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Diagnostic and Therapeutic Endoscopy
Volume 2012 (2012), Article ID 279521, 7 pages
Research Article

Digital Chromoendoscopy for Diagnosis of Diminutive Colorectal Lesions

1Department of Endoscopy and Gastroenterology, Dr Mario Araujo University Hospital, 96400-130 Bagé, RS, Brazil
2Department of Endoscopy and Gastroenterology, Santa Casa Hospital and Fundação Riograndense Universitária de Gastroenterologia (FUGAST), 90610-210 Porto Alegre, RS, Brazil
3Department of Endoscopy 9 de Julho Hospital, 01409-902 São Paulo, SP, Brazil

Received 14 July 2012; Accepted 21 August 2012

Academic Editor: Klaus Mönkemüller

Copyright © 2012 Carlos Eduardo Oliveira dos Santos et al. This is an open access article distributed under the Creative Commons Attribution License, which permits unrestricted use, distribution, and reproduction in any medium, provided the original work is properly cited.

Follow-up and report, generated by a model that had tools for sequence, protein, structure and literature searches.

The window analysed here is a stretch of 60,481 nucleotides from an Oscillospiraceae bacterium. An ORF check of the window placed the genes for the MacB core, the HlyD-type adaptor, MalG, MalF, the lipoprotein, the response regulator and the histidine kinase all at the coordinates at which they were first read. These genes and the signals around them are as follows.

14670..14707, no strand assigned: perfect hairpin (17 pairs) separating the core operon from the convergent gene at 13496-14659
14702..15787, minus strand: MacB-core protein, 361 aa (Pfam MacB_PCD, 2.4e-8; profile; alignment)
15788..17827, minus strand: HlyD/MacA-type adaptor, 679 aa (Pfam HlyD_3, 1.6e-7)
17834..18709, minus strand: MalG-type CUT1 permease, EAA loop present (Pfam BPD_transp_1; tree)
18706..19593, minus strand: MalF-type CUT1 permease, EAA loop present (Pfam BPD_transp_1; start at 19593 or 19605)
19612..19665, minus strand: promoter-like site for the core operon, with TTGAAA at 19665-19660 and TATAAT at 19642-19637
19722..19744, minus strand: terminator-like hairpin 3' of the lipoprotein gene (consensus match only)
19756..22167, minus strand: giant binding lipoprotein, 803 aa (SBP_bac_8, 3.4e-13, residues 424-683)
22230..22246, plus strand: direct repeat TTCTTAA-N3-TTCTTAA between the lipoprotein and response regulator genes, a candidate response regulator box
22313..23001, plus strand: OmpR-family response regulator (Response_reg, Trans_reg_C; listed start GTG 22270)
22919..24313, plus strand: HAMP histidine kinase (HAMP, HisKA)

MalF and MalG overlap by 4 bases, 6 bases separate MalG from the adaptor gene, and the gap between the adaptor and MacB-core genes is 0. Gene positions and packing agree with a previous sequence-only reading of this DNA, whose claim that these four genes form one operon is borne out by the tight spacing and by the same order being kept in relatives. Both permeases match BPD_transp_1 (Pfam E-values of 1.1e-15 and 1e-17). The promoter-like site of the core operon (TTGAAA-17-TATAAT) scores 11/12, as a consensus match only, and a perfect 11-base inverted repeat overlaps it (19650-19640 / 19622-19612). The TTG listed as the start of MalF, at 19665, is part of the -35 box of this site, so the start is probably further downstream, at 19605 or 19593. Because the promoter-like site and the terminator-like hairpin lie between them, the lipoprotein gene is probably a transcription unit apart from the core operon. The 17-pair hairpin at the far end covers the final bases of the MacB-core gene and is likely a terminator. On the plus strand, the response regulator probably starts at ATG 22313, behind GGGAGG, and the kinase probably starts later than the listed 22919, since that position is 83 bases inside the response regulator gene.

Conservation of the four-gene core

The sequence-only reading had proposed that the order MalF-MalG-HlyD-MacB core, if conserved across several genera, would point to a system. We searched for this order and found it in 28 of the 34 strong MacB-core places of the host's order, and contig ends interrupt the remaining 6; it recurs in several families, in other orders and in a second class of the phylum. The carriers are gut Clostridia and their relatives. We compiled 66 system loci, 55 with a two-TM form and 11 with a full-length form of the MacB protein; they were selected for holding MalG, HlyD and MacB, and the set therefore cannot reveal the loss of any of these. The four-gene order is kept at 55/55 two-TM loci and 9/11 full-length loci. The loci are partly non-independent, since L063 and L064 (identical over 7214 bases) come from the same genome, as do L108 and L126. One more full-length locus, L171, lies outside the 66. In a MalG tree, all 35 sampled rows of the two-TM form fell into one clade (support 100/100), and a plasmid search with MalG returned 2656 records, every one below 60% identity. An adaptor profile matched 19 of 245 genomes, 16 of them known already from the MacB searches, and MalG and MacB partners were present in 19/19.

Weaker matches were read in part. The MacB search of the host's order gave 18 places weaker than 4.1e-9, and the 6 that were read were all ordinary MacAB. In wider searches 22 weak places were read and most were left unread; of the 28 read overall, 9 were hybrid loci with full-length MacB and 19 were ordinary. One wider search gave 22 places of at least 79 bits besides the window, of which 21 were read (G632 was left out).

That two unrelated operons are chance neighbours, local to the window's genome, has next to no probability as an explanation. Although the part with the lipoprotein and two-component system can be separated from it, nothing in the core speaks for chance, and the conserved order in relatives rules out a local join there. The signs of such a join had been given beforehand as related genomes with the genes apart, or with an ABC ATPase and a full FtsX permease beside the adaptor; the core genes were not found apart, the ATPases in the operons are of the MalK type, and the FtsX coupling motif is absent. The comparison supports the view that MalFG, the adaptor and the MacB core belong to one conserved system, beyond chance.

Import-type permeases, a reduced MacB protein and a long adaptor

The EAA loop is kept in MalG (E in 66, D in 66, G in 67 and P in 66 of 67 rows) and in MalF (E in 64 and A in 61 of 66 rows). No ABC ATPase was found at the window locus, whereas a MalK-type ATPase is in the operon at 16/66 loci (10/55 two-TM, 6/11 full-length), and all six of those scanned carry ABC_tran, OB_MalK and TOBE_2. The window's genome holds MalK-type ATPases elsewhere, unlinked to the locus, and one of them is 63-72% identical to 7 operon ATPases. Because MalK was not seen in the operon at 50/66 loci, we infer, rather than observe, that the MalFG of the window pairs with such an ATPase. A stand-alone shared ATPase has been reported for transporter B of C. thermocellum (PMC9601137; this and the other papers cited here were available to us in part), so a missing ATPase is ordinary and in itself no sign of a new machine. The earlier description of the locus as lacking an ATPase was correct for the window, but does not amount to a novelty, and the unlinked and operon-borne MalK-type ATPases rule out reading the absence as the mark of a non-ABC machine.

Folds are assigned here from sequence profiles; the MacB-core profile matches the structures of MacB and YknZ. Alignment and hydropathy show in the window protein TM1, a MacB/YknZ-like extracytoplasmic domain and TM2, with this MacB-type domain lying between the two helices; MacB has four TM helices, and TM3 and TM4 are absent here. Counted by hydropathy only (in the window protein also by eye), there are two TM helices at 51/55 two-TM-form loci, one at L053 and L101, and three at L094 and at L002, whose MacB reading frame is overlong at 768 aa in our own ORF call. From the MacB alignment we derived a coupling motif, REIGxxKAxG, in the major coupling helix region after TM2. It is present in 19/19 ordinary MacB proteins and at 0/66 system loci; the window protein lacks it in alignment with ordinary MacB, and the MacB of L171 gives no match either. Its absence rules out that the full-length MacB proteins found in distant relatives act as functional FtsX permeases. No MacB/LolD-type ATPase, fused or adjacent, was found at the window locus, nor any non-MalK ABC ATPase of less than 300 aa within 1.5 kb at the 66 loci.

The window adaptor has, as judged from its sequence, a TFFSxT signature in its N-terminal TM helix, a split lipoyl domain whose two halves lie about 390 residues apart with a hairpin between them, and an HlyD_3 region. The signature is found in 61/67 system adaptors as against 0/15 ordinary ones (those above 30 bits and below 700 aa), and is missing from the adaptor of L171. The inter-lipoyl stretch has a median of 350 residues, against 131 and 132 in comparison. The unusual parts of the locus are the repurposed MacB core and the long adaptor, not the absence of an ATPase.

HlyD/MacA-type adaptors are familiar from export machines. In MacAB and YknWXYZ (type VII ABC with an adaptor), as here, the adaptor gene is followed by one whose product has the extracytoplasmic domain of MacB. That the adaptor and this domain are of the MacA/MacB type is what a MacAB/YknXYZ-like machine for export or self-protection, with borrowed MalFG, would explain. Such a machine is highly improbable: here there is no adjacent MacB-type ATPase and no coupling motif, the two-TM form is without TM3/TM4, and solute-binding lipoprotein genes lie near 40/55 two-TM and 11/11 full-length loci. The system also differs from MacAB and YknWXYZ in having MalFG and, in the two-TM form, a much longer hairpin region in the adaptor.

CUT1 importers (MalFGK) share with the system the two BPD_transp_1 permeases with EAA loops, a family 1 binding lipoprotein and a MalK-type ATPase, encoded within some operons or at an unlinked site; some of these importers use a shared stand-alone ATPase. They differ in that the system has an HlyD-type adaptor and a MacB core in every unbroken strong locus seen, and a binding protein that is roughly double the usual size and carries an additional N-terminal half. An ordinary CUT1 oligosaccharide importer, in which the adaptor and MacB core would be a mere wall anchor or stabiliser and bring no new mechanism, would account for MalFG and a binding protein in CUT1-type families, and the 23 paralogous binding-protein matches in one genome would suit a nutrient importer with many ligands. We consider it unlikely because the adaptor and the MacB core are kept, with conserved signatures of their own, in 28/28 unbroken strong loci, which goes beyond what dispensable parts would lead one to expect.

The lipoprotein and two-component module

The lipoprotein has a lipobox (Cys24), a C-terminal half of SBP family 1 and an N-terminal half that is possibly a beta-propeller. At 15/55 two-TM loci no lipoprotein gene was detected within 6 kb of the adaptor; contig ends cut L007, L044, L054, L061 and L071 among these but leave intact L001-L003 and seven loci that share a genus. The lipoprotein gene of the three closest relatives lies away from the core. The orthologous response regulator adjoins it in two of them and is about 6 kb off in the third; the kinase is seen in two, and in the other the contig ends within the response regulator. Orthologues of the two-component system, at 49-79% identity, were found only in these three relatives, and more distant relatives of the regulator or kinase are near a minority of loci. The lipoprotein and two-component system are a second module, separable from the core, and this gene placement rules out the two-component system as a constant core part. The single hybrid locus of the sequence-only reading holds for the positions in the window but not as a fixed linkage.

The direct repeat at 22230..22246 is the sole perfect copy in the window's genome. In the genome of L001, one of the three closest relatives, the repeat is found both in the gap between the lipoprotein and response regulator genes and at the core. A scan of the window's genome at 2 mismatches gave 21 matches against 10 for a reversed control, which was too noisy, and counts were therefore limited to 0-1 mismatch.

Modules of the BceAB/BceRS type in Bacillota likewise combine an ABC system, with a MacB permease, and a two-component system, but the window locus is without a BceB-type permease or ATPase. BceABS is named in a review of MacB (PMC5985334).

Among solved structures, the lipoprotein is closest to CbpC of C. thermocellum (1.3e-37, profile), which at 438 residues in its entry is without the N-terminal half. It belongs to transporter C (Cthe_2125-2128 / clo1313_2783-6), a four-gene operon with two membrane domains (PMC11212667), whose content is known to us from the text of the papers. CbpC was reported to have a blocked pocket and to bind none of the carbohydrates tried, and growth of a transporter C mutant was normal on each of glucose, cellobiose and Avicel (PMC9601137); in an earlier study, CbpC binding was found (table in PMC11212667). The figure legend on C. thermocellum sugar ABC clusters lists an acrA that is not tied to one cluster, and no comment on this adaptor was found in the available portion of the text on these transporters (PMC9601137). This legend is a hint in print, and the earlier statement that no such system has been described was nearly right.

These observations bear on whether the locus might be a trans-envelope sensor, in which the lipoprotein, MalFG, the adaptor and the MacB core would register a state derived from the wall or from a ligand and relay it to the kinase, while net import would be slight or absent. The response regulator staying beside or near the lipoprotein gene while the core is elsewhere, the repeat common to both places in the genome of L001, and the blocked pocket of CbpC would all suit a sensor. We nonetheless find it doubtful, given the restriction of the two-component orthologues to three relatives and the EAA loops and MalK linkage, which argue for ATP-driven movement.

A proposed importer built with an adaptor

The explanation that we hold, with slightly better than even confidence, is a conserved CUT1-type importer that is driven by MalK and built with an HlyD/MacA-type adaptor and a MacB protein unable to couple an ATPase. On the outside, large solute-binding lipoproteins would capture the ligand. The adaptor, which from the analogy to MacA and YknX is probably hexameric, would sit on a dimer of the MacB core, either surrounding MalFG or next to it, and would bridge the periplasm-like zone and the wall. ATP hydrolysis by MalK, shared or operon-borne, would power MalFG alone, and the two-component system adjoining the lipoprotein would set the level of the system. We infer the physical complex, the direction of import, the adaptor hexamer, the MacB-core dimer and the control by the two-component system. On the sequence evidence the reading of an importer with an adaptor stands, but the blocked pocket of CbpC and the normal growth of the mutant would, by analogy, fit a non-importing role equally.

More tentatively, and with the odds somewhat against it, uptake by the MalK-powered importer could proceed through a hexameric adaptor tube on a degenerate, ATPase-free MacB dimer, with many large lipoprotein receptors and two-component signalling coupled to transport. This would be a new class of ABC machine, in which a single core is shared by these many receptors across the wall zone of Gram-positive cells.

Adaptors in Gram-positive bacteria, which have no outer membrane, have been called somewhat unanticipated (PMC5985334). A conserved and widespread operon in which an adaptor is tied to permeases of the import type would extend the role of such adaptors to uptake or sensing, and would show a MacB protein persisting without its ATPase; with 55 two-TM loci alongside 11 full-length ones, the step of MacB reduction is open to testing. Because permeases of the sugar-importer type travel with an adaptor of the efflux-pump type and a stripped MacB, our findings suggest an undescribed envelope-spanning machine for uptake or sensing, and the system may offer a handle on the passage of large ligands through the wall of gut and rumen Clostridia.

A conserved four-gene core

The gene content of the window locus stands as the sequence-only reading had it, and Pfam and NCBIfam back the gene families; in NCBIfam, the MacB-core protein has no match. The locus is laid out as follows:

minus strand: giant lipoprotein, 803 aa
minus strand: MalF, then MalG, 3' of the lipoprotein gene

Introduction. To compare the accuracy of digital and real-time chromoendoscopy for the differential diagnosis of diminutive (<5 mm) neoplastic and nonneoplastic colorectal lesions. Materials and Methods. This is a prospective randomized study comparing the Fujinon intelligent color enhancement (FICE) system (65 patients/95 lesions) and indigo carmine (69 patients/120 lesions) in the analysis of capillary meshwork and pit pattern, respectively. All lesions were less than 5 mm in diameter, and magnification was used in both groups. Histopathology was the gold standard examination. Results. Of 215 colorectal lesions, 153 (71.2%) were adenomas, and 62 were hyperplastic polyps (28.8%). Morphological analysis revealed 132 (61.4%) superficial lesions, with 7 (3.3%) depressed lesions, and 83 (38.6%) protruding lesions. Vascular meshwork analysis using FICE and magnification resulted in 91.7% sensitivity, 95.7% specificity, and 92.6% accuracy in differentiating neoplastic from nonneoplastic lesions. Pit pattern analysis with indigo carmine and magnification showed 96.5% sensitivity, 88.2% specificity, and 94.2% accuracy for the same purpose. Conclusion. Both magnifying virtual chromoendoscopy and indigo carmine chromoendoscopy showed high accuracy in the histopathological diagnosis of colorectal lesions less than 5 mm in diameter.